thought, she can’t get anything right. She had one job: go to Whole Foods and get almond

milk. And then she had the audacity to suggest Danielle just go to the Piggly Wiggly? What

was her problem? Couldn’t she have just gone to the Whole Foods in the next town? She

knew Danielle was on a non-dairy diet. See if I bring her an almond milk pumpkin spice

latte when I stop at Starbucks on my way out of the store. She passed the grocery store

where a cop car was camped out in the parking lot and glanced at the speedometer. She

was doing fifty in a twenty-five. Danielle gripped the steering wheel, obsessively glancing in

her rearview mirror. The cop car had left the parking lot and was a few cars behind her. For

a moment, she let herself feel hope. Maybe he didn’t catch her, or maybe someone else

behind her was speeding, too.


Then, the car’s lights and sirens flipped on. She was busted.


Oh crap.


These examples are kind of ridiculous, but they make the point. Isolating particular thoughts or details can help readers feel the emotional intensity of a situation, much the same way that a close-up in a film can do the same thing.


When Your Paragraphs Just Get Too Long


Let me be very clear about something.


I know that there are many authors whose work is famous for long paragraphs with crazy streams-of-consciousness stuff going on.


Many of them are Russian, but a couple of southern authors are also guilty of this. Many of them are also from the nineteenth century.


It can be tempting to write long paragraphs and call your story an homage to this tradition, but this isn’t the nineteenth century. This is the age of soundbites, tweets, text messages, and short attention spans.


Most of the time, if readers see paragraphs that take up an entire page, they start feeling something akin to an anxiety attack and zone out.


But again, there are no hard and fast rules for this. The only way to know you need to break up a paragraph is if you think that looking at it might cause a reader to feel overwhelmed.


If you think a paragraph needs to be broken up, look at it and try to find a place where the focus shifts or where the main idea won’t be disrupted by inserting a paragraph. The sample paragraph above might be a hair too long. So, if we look back at Danielle’s Whole Foods and speed trap debacle, we can edit it like this:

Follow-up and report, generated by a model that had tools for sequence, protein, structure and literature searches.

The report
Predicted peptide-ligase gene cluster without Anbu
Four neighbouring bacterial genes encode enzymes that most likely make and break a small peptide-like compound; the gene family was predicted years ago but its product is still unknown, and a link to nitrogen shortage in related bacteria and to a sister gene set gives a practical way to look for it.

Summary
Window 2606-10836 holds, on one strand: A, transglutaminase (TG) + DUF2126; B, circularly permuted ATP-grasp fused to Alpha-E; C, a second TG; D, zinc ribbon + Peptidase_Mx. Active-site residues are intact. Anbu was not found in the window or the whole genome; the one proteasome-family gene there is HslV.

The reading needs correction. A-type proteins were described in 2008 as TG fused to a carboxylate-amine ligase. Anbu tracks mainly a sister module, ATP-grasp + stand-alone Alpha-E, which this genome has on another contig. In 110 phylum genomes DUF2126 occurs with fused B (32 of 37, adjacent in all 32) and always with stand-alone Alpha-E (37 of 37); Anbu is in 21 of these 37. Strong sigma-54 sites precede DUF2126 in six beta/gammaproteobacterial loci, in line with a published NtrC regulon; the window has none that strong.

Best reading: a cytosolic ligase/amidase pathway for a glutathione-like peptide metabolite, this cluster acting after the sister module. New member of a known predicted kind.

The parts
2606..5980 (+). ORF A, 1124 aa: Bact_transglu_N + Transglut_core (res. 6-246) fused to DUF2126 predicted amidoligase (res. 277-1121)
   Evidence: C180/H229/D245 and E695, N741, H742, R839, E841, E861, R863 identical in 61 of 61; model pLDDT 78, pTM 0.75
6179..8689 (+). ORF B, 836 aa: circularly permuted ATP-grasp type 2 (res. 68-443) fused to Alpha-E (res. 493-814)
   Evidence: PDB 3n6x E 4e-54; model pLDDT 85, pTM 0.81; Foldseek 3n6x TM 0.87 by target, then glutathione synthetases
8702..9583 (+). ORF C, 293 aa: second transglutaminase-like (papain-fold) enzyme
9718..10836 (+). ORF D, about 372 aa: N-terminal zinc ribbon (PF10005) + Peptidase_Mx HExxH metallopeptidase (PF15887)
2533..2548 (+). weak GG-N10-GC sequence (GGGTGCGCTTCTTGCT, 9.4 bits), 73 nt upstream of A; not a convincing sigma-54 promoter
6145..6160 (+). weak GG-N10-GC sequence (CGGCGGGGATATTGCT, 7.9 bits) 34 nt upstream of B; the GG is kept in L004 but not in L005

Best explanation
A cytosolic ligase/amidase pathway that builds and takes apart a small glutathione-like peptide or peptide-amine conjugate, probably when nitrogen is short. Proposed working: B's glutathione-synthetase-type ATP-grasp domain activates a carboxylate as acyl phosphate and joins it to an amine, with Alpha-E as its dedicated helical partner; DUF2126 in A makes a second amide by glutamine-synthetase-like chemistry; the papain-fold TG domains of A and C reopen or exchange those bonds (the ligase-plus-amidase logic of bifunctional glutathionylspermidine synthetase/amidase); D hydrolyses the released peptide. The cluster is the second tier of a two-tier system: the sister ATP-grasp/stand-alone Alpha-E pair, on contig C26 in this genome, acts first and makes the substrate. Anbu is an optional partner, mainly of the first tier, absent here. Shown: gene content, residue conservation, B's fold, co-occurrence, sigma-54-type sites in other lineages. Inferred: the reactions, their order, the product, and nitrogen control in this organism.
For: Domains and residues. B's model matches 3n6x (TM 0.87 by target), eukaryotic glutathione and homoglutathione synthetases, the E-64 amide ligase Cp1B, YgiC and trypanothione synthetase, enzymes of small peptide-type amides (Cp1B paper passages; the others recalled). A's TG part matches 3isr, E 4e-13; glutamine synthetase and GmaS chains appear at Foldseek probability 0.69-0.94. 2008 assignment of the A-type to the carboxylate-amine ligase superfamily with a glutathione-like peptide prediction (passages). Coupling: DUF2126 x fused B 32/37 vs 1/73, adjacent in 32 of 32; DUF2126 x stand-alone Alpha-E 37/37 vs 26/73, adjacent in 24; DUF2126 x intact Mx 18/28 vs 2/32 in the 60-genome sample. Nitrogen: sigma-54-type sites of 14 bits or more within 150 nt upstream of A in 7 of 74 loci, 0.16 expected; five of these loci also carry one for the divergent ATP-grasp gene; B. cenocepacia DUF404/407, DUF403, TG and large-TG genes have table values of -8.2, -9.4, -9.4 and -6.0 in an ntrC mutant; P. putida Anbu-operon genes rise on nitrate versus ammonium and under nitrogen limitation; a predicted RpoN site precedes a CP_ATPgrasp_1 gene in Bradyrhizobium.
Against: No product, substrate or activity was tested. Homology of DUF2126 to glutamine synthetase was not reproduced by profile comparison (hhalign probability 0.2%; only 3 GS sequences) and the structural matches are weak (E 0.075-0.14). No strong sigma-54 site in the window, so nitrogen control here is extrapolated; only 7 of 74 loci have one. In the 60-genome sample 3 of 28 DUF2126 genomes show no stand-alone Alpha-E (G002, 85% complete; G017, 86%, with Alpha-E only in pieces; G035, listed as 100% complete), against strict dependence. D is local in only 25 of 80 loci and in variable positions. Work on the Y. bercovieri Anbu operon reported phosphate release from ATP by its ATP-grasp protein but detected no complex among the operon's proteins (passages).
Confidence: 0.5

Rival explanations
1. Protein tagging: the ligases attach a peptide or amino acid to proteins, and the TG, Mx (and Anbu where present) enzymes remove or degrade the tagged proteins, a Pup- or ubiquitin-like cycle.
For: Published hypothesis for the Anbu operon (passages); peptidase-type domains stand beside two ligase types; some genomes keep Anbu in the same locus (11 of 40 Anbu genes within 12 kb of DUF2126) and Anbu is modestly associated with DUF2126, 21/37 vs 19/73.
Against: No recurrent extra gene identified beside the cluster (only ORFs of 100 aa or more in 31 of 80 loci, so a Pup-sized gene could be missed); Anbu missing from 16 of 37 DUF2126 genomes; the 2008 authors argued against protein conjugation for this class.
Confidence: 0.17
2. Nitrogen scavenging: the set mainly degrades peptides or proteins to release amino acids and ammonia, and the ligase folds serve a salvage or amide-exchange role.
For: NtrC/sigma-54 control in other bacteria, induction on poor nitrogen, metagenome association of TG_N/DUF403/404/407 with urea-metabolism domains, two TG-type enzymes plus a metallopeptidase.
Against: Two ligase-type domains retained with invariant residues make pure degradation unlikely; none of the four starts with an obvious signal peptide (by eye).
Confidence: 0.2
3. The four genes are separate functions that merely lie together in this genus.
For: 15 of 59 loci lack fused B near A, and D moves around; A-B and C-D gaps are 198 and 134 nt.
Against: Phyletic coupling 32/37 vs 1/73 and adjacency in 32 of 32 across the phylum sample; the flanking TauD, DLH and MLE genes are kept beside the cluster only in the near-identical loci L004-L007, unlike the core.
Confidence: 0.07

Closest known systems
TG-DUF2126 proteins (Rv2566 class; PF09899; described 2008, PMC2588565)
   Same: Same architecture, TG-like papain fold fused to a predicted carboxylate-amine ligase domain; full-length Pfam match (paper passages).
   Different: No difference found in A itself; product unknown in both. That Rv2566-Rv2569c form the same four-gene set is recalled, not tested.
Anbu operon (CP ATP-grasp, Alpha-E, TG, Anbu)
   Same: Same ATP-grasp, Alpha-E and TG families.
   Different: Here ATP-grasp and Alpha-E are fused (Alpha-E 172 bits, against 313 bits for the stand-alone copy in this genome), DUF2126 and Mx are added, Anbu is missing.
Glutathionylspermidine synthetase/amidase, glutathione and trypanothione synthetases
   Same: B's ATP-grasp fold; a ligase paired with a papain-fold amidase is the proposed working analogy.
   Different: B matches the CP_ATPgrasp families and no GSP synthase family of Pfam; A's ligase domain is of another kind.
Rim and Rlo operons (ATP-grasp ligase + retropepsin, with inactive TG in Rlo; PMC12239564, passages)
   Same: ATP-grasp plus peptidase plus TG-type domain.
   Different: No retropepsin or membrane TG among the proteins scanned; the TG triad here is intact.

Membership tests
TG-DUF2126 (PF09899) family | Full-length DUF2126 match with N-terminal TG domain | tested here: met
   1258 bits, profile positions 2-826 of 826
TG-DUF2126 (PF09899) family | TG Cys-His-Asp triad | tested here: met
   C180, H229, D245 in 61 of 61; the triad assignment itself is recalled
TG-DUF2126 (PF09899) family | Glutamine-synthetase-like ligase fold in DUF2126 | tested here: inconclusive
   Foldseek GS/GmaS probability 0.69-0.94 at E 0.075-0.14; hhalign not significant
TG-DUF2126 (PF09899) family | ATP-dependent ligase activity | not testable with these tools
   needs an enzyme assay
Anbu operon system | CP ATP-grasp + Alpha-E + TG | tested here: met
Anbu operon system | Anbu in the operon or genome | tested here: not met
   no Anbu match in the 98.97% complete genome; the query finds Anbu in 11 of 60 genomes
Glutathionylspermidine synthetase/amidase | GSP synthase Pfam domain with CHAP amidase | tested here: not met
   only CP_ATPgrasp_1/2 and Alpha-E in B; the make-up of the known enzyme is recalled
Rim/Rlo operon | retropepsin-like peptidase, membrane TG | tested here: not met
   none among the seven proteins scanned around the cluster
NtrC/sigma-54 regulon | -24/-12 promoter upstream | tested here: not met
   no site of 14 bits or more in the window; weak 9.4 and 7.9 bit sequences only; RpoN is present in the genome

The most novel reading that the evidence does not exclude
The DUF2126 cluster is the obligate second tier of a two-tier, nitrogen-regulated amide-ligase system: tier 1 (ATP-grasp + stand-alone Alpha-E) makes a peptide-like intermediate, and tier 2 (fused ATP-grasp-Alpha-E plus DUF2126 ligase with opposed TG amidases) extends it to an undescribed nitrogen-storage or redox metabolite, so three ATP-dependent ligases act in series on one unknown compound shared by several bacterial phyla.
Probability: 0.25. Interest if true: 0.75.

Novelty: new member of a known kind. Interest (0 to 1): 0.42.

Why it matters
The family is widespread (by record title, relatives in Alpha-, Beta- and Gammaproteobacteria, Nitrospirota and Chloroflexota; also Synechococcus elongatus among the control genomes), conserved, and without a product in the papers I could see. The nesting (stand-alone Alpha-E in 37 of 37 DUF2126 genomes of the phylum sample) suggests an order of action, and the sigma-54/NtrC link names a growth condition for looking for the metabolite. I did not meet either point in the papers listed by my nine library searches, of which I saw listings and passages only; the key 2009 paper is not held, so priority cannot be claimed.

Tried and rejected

Danielle got in the car, slammed the door, and sped down the road. Stupid Alana, she

thought, she can’t get anything right. She had one job: go to Whole Foods and get almond

milk. And then she had the audacity to suggest Danielle just go to the Piggly Wiggly? What

was her problem? Couldn’t she have just gone to the Whole Foods in the next town? She

knew Danielle was on a non-dairy diet. See if I bring her an almond milk pumpkin spice l

latte when I stop at Starbucks on my way out of the store.

She passed the grocery store where a cop car was camped out in the parking lot and

glanced at the speedometer. She was doing fifty in a twenty-five. Danielle gripped the

steering wheel, obsessively glancing in her rearview mirror. The cop car had left the

parking lot and was a few cars behind her. For a moment, she let herself feel hope. Maybe

he didn’t catch her, or maybe someone else behind her was speeding, too.


Then, the car’s lights and sirens flipped on. She was busted.


Oh crap.


The appearance of the cop car shifts her attention a bit from her rant about Alana; therefore, the author can shift our focus as well. You can also look for places where your character turns her thoughts to another topic or notices something in her environment.


In this way, breaking your paragraphs up is not just a way to make the text flow better or look less overwhelming on the page but to let readers enter your character’s state of mind and environment more intimately.


Want to learn more about characterization? Check out my Ultimate Writing Project Workbook.


It contains dozens of writing prompts, tips, templates, and more for creating stories and characters, and it’s FREE.


Click here to download one now!